For very many years now my younger brother has ventured out, every Saturday afternoon, to an expanse of waste ground, bearing carrier bags of scraps to feed the birds. I have only accompanied him on a few occasions, and each time I was amused by the fact that, when we arrived at the chosen spot, there was not a bird in sight anywhere, neither on the ground nor in the sky, but that as soon as he would scatter the first scraps the birds would immediately appear from everywhere – crows, blackbirds, seagulls, pigeons, and various other smaller birds – until he was surrounded by literally hundreds of them. I think that the wrong brother was called Francis because I was in no doubt that they recognised him and knew him. This was affirmed for me by the fact that, at the height of the snow a few weeks ago, at our Passionist Community house in Bishopbriggs, we decided to scatter some scraps in our back garden, thinking that it would be a kindness to the birds at such a time, as they may have been finding food difficult to come by. The scraps were there for days and not a bird came near.
This bird-talk brings to mind one of my favourite true stories which many of you may remember. It was back in the late summer, early autumn of 2007, that a seagull began to appear at the R.S. McColl shop in Aberdeen where, as in most seaside towns, seagulls are not the most popular of God’s creatures. As the story goes, this bird would apparently hide around the corner and wait for the shop to open in the morning. When there was no one else in the shop and the assistant was at the till the bird would saunter in, pick up a packet of Spicy
Doritos, and saunter back out again. This became a daily event, with the gull always using the same routine and always choosing Spicy Doritos above all else. The shopkeeper began to get a bit frustrated and instructed the assistant to close the door over after opening up to prevent the bird from getting in. By this stage however the seagull, nicknamed Sam, had become a firm favourite with the locals, and they decided to club together to leave a fund behind the counter to pay for Sam’s Spicy Doritos, and so the door was left open.
Sam soon came to the attention of the media. Journalists and television crews appeared from all over. Sam didn’t let them down. Undeterred by all the attention he continued with his shoplifting escapade on a daily basis and, pursued by the cameras, it was discovered that he was unselfishly carrying the Spicy Doritos to a nearby spot where he would peck the packet open and share them with his friends. Sam persisted with his early morning visits to R.S. McColl’s for his Spicy Doritos for some time to come, no doubt unaware that for very many people, in that particular year, he beat politicians, film stars, football players, television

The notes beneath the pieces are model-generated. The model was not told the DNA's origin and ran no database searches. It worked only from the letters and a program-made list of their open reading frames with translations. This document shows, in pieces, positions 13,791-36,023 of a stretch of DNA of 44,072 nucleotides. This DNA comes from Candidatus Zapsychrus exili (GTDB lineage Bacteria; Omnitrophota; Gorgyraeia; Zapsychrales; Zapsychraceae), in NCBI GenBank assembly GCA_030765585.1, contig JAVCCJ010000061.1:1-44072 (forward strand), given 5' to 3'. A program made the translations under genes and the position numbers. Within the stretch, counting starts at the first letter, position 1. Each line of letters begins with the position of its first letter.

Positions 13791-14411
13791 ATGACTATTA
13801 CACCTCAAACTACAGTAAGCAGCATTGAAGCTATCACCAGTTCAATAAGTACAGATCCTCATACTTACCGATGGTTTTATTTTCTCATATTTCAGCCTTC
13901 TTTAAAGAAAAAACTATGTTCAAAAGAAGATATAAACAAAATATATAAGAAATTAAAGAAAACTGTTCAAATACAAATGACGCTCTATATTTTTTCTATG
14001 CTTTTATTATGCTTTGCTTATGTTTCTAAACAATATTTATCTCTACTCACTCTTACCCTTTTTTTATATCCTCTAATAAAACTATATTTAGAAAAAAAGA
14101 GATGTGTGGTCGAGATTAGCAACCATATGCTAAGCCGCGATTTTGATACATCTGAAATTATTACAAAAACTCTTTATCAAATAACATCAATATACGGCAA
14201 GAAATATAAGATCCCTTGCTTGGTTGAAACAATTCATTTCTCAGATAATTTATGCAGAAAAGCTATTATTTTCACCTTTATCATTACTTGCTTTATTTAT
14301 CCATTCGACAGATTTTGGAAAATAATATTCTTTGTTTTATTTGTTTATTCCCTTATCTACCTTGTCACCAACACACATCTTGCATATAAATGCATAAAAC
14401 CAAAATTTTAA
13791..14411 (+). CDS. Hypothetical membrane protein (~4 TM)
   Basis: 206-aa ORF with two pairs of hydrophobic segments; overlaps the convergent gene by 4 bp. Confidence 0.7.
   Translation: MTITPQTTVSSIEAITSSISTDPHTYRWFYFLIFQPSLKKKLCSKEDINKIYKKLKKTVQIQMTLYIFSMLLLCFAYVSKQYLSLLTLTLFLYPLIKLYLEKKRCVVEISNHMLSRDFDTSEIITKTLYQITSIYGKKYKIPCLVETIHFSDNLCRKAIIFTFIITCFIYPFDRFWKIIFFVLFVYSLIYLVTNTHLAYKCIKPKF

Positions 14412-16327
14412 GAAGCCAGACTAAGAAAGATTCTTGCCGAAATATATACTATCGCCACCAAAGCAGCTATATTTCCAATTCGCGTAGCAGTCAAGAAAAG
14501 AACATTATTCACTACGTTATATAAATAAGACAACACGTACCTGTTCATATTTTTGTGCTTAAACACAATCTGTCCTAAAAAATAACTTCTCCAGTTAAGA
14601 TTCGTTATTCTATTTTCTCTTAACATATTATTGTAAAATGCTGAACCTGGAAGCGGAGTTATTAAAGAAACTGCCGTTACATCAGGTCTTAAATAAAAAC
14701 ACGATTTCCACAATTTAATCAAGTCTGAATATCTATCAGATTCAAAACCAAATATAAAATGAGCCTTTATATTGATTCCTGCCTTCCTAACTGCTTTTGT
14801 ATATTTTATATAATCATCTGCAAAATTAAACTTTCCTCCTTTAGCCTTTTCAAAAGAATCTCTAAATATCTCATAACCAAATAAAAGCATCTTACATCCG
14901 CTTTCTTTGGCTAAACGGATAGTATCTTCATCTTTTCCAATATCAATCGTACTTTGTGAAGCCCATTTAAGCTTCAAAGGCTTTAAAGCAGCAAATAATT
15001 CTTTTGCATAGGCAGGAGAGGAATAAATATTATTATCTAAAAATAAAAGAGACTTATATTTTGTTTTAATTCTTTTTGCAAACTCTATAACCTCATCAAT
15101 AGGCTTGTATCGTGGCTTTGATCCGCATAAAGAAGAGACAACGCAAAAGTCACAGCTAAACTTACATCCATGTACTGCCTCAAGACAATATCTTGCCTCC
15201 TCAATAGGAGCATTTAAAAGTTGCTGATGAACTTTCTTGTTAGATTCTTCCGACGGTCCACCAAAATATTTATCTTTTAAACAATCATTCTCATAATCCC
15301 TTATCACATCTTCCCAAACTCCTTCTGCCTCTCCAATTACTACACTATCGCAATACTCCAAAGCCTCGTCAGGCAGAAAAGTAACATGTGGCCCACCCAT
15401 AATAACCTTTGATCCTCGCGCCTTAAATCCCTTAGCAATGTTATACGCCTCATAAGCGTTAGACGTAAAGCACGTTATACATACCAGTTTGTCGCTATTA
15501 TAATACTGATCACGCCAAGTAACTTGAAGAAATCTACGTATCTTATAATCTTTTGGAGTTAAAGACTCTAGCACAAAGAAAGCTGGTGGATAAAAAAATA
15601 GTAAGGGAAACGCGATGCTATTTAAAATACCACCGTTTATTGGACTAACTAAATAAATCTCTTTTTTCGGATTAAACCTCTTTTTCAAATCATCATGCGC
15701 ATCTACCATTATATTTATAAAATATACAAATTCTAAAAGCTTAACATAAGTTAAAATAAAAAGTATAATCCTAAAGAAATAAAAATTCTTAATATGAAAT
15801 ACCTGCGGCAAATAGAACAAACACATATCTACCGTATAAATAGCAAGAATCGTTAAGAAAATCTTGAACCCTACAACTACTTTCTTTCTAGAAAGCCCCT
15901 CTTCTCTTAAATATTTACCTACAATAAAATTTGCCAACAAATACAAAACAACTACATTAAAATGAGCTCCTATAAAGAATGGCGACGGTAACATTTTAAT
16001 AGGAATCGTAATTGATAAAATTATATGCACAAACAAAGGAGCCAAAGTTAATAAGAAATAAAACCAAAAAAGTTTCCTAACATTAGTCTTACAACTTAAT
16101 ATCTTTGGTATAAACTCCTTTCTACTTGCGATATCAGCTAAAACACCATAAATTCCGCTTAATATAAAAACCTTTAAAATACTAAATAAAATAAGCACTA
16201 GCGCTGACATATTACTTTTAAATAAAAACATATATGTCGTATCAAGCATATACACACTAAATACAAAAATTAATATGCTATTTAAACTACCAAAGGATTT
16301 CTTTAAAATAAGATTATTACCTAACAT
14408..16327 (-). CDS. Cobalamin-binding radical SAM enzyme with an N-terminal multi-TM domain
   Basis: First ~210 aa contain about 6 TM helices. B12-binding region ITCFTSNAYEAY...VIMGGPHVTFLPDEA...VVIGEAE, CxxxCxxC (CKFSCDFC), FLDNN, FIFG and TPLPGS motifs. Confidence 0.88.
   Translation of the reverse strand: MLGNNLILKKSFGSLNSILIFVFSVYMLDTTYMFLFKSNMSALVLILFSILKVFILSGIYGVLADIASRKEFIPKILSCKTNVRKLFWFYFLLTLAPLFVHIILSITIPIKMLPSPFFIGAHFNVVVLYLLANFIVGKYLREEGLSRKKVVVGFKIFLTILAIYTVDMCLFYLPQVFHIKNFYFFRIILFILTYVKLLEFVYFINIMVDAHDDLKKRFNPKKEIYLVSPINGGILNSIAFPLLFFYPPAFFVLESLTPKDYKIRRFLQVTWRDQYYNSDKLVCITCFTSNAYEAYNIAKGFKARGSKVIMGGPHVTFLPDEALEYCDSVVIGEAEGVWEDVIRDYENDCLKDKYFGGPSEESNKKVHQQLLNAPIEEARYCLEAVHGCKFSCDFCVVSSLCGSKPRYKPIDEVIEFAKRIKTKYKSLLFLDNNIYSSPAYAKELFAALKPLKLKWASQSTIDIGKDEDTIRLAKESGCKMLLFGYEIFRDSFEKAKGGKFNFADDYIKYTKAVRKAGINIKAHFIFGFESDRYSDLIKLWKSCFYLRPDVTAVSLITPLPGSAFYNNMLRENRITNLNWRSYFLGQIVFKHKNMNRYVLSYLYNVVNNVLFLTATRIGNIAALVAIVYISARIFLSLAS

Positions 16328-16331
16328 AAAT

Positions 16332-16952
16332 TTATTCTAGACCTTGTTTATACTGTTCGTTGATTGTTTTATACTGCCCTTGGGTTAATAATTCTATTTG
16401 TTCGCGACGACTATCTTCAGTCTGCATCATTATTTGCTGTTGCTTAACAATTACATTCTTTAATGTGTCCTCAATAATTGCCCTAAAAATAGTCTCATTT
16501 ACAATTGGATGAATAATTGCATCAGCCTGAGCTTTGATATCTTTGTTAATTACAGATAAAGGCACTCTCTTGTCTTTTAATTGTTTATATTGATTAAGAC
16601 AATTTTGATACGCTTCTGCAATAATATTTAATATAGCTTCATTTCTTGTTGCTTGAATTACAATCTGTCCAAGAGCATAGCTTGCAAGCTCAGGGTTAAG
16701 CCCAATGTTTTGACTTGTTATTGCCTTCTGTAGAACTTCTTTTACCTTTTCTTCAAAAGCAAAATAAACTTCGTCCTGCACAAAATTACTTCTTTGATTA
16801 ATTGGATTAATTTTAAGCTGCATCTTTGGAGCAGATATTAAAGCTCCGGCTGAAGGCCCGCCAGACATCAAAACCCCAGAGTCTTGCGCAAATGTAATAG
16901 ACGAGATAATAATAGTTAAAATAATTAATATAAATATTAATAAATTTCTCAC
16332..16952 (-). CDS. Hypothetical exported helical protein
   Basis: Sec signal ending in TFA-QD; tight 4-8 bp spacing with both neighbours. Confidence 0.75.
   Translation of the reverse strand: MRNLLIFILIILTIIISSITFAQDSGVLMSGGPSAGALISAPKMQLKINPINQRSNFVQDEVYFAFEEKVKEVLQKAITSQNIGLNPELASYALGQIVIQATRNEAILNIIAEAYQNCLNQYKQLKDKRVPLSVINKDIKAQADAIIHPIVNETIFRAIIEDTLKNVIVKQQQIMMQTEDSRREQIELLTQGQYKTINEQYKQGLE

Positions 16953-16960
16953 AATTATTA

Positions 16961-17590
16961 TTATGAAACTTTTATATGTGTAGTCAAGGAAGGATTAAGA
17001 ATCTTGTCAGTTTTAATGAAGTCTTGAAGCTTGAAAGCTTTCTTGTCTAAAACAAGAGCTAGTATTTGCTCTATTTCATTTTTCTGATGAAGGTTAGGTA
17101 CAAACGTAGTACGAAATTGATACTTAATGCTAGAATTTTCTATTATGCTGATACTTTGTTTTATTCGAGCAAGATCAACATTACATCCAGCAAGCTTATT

celebrities, heroes and the like, to be the Scottish News Personality of the Year, and well deserved it was too. If anyone knows whatever became of Sam, please let me know.
As we enter into Holy Week we might ponder the legends of two birds associated with Christ’s Passion. The first is the goldfinch, known for eating thistles and thorns, which in Christian art refers to Jesus’ crown of thorns. That’s why the child Jesus is sometimes depicted in art holding a goldfinch, foreshadowing his Passion and death on the cross. And then of course there is the robin, the legend saying that the robin's breast is red because, when Jesus was on the road to Calvary, a robin plucked a thorn from Christ's head where the crown of thorns had pierced, and a drop of Jesus' blood fell on the robin's breast, turning it red.
This will be the last log until after Easter so, let me finish with a quote from St. Francis:
My brother and sister birds, you should greatly praise your Creator, and love Him always. He gave you feathers to wear, wings to fly, and whatever you need. God made you noble among His creatures and gave you a home in the purity of the air so that though you neither sow nor reap, He nevertheless protects, feeds and clothes you without your least care.